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@bigchris:
@gnasape:
Thanks bigchris, what if we assume that the dice rolls of the attacker and defenders are two separate events?
16 rolls for attacker, 7 rolls for defender.
sure, that’s fine. as long as you are separating the rolls based on some arbitrary labeling and not based on their values, you can test any group/sub-group you like.
Ho: the dice are uniformly distributed
Ha: the dice are not uniformly distributed
Attacker: 6,5,6,5,4,6,5,6,6,4,3,5,4,6,3,6
histogram for entire sequence (16 rolls total)
6s: 6666666
5s: 5555
4s: 444
3s: 33
2s:
1s:
pearson chi-square test:
with 16 rolls, we expect 16/6=2.67 rolls in each bin according to Ho.
(7 - 2.67)^2 / 2.67 +
(4 - 2.67)^2 / 2.67 +
(3 - 2.67)^2 / 2.67 +
(2 - 2.67)^2 / 2.67 +
(0 - 2.67)^2 / 2.67 +
(0 - 2.67)^2 / 2.67 = 13.25
chi-square value = 13.25
degrees-of-freedom = 5
Probability (One-Tailed): 0.0211
that is, for the attacker, if Ho is in fact true, the probability of getting results as or more extreme than these is 0.0211. These data are sufficient evidence (at the 5% level) to reject Ho and adopt Ha.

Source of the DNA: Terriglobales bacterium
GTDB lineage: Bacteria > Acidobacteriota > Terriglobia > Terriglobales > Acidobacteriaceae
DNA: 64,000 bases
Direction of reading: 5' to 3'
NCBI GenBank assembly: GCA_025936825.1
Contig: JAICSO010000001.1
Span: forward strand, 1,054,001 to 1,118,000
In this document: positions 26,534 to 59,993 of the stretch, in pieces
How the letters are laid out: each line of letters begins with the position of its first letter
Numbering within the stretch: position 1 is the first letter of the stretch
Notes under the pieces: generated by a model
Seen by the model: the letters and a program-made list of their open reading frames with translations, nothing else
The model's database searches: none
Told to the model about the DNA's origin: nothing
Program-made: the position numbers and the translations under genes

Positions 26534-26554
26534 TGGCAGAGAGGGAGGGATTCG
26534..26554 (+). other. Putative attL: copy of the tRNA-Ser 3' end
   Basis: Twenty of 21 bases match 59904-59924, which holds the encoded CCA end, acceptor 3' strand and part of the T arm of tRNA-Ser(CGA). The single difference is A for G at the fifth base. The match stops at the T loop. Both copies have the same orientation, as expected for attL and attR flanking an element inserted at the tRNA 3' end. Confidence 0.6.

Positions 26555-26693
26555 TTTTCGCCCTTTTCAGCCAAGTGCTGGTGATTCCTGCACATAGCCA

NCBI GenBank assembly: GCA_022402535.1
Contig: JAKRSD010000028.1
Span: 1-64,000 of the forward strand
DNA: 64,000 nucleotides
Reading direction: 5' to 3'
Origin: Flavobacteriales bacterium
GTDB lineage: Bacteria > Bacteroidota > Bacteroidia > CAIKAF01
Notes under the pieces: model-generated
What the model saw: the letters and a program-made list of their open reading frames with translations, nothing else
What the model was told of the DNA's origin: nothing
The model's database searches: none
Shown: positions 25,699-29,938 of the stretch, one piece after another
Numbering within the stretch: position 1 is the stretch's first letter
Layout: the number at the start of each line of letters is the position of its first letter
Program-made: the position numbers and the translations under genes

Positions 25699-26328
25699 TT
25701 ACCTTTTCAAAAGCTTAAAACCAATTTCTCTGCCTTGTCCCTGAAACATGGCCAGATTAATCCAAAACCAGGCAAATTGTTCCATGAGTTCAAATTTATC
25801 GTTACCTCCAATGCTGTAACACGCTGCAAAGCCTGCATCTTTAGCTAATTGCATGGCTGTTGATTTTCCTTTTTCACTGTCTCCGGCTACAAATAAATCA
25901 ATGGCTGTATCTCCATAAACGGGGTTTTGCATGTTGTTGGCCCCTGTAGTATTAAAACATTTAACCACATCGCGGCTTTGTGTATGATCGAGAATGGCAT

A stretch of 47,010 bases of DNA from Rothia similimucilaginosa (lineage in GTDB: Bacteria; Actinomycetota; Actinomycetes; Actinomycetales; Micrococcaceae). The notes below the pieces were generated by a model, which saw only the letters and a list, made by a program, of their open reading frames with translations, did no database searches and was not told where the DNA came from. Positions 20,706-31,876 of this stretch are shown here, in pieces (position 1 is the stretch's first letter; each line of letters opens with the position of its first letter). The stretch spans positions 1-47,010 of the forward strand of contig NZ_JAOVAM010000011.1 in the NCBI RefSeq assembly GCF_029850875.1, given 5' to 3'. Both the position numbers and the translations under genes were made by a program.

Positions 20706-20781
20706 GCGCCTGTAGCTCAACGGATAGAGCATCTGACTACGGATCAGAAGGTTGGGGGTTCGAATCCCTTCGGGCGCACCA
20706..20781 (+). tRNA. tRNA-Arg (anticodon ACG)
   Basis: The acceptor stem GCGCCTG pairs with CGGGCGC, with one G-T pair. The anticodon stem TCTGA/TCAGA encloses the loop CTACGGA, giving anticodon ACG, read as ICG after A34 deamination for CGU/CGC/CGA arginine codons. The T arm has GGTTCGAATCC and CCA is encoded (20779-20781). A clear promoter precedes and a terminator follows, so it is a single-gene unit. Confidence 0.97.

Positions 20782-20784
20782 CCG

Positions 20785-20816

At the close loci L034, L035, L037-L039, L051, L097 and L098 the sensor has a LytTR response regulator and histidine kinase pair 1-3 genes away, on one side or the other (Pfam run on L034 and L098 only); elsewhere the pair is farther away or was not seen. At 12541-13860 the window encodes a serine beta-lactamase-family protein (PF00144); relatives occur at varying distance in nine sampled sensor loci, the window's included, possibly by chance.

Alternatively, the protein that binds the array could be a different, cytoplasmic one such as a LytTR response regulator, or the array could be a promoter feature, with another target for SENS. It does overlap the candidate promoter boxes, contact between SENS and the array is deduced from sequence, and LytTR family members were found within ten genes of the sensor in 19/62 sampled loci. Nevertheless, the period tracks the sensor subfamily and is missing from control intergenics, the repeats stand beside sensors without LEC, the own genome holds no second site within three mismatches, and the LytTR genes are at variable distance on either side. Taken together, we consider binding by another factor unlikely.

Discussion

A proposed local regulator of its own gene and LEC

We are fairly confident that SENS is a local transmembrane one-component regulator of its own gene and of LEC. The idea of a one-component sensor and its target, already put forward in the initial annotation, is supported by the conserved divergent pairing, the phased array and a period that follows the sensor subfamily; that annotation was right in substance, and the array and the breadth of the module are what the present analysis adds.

Defender: 2,2,1,3,4,2,1
histogram for entire sequence (7 rolls total)
6s:
5s:
4s: 4
3s: 3
2s: 222
1s: 11
pearson chi-square test:
with 7 rolls, we expect 7/6=1.17 rolls in each bin according to Ho.
(0 - 1.17)^2 / 1.17 +
(0 - 1.17)^2 / 1.17 +
(1 - 1.17)^2 / 1.17 +
(1 - 1.17)^2 / 1.17 +
(3 - 1.17)^2 / 1.17 +
(2 - 1.17)^2 / 1.17 = 5.857
chi-square value = 5.857
degrees-of-freedom = 5
Probability (One-Tailed): 0.3204
that is, for the defender, if Ho is in fact true, the probability of getting results as or more extreme than these is 0.3204. this is insufficient evidence to reject Ho. therefore, we do not reject Ho.
Thanks, I am basing it as usually the attacker’s dice roll is submitted first than defender.